READFIELD — Jarred Schmidt walked to the plate with a chance to come through with a big hit for the Maranacook baseball team … and then missed that chance, striking out on three pitches.

Or so he thought.

“I was definitely bummed out,” he said.

The umpire reminded him he had another strike left, however. And Schmidt wasn’t going to let the second chance get away.

Schmidt hit an RBI single to kick-start a four-run fourth inning, and Hunter Glowa fought through a hip injury to get the victory on the mound as No. 2 Maranacook held off No. 10 Mt. Abram, 4-2, in the Class C South quarterfinals.

Maranacook (16-1) advances to the semifinals Saturday against either No. 6 Sacopee Valley or No. 3 Hall-Dale. Mt. Abram finished the season 9-9.

“It’s a credit all to them, they did a great job,” Maranacook coach Eric Brown said. “They took advantage when they could, (Mt. Abram) came out and played a great game against us.”

Even when the situation looked bleak, the Roadrunners kept threatening. Mt. Abram pushed across two runners in the seventh and had the tying run at the plate, but couldn’t complete the comeback.

“I’m proud of the boys,” Mt. Abram coach Jeff Pillsbury said. “This is a hell of a team, and we come down, and I think we were respectable. We were in a position to maybe win it.”

The teams worked their way through three scoreless innings before Duncan Rogers reached when his deep fly ball to center was misplayed for a two-base error and Mitch Root was intentionally walked to start the bottom of the fourth. Glen Guerrette hit into a fielder’s choice that retired Root, putting runners at the corners with one out and bringing up Schmidt, who had singled earlier.

“I was excited,” he said. “I’d been hitting well in the cage, and I wanted to put our team on the board.”

Schmidt figured those hopes were dashed when he swung and missed for what he thought was strike three, but was reminded there were only two strikes in the count. Given new life, the senior catcher made the most of it, grounding a single between shortstop and third base to score Rogers and make it 1-0.

“I was actually pretty ready to go,” Schmidt said. “As soon as I stepped back into the box, it was just like a new at-bat.”

The floodgates were open. Collin McGarr’s slow roller to third went for a single and scored Guerrette, Schmidt came in on a passed ball, and a Thomas Trafton single scored McGarr to make it 4-0.

“We’ve definitely done that a lot,” Schmidt said. “We try to get on them early, but sometimes that’s just not how it goes, it takes us a few at-bats to really see the ball.”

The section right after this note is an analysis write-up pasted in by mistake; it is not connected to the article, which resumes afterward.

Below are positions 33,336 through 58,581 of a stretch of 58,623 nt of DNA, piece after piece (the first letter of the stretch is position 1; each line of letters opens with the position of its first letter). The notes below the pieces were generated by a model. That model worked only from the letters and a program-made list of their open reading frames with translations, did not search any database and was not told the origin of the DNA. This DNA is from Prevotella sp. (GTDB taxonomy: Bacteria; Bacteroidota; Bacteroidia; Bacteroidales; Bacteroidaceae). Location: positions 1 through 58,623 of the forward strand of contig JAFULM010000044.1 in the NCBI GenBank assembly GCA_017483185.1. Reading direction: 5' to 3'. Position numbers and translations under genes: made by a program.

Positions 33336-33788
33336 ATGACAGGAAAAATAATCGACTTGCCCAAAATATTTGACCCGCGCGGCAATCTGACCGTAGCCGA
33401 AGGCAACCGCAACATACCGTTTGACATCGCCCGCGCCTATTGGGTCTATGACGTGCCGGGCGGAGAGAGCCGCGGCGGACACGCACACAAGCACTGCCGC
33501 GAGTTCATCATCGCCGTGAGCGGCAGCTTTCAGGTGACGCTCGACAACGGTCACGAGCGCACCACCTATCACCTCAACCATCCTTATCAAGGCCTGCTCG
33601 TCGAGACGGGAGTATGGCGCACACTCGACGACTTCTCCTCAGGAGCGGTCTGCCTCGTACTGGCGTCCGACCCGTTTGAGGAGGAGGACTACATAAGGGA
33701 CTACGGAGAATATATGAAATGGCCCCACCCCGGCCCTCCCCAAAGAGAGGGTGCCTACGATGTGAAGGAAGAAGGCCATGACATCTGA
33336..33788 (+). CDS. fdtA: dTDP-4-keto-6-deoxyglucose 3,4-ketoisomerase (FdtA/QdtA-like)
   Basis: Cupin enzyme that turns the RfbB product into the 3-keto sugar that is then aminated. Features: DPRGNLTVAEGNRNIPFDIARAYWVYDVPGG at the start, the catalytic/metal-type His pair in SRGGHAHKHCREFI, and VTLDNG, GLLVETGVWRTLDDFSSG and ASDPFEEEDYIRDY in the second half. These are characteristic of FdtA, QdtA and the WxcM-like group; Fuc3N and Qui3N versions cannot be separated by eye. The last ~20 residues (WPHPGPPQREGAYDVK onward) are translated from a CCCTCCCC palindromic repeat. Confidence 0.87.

Given the way Glowa was pitching, the support was all he needed. The senior only struck out one but allowed only four hits, and deftly pitched around trouble set up by a defense that made six errors behind him.

It wasn’t a comfortable outing, however. Glowa displaced his hip during a baserunning drill Monday and had to see a chiropractor Wednesday to get into condition to pitch Thursday.

“I did not feel good,” he said. “I was pretty nervous when I was throwing my bullpen. … I usually have a pretty big leg kick, and I just had to tone that down a bit and know what my body was telling me.”

Glowa said the pain had him unsure he’d be available.

“It was bad. I think it was Wednesday’s practice, I couldn’t even walk,” he said. “(It took) Tylenol, ice, stretching. A lot of stretching, probably more than I did during the season.”

Glowa handled the Roadrunners until the seventh, when back-to-back errors put runners at the corners with no outs. The Black Bears got a break when a Mt. Abram miscommunication allowed Trafton to turn a double play on a pop-up to first, but Kenyon Pillsbury singled in Trevor Phelps and Nate Luce singled in Pillsbury, prompting Brown to bring in Jay Lauter for the one-out save.

It worked. Lauter got a flyout two pitches later to end the game, and afterward, coach Pillsbury took the blame for the double play.

“I changed my signs late and crossed up my hitter and my baserunner, and that hurt us in that inning,” he said. “I had a steal on and I had my (hitter) taking, and then I shook off everything. I said ‘Shake it off,’ but I was talking to my baserunner and the base coach didn’t catch it, the runner didn’t catch it. I should have called timeout.

“I’m proud of them. They had some timely hits, but with these teams you can’t (miss opportunities).”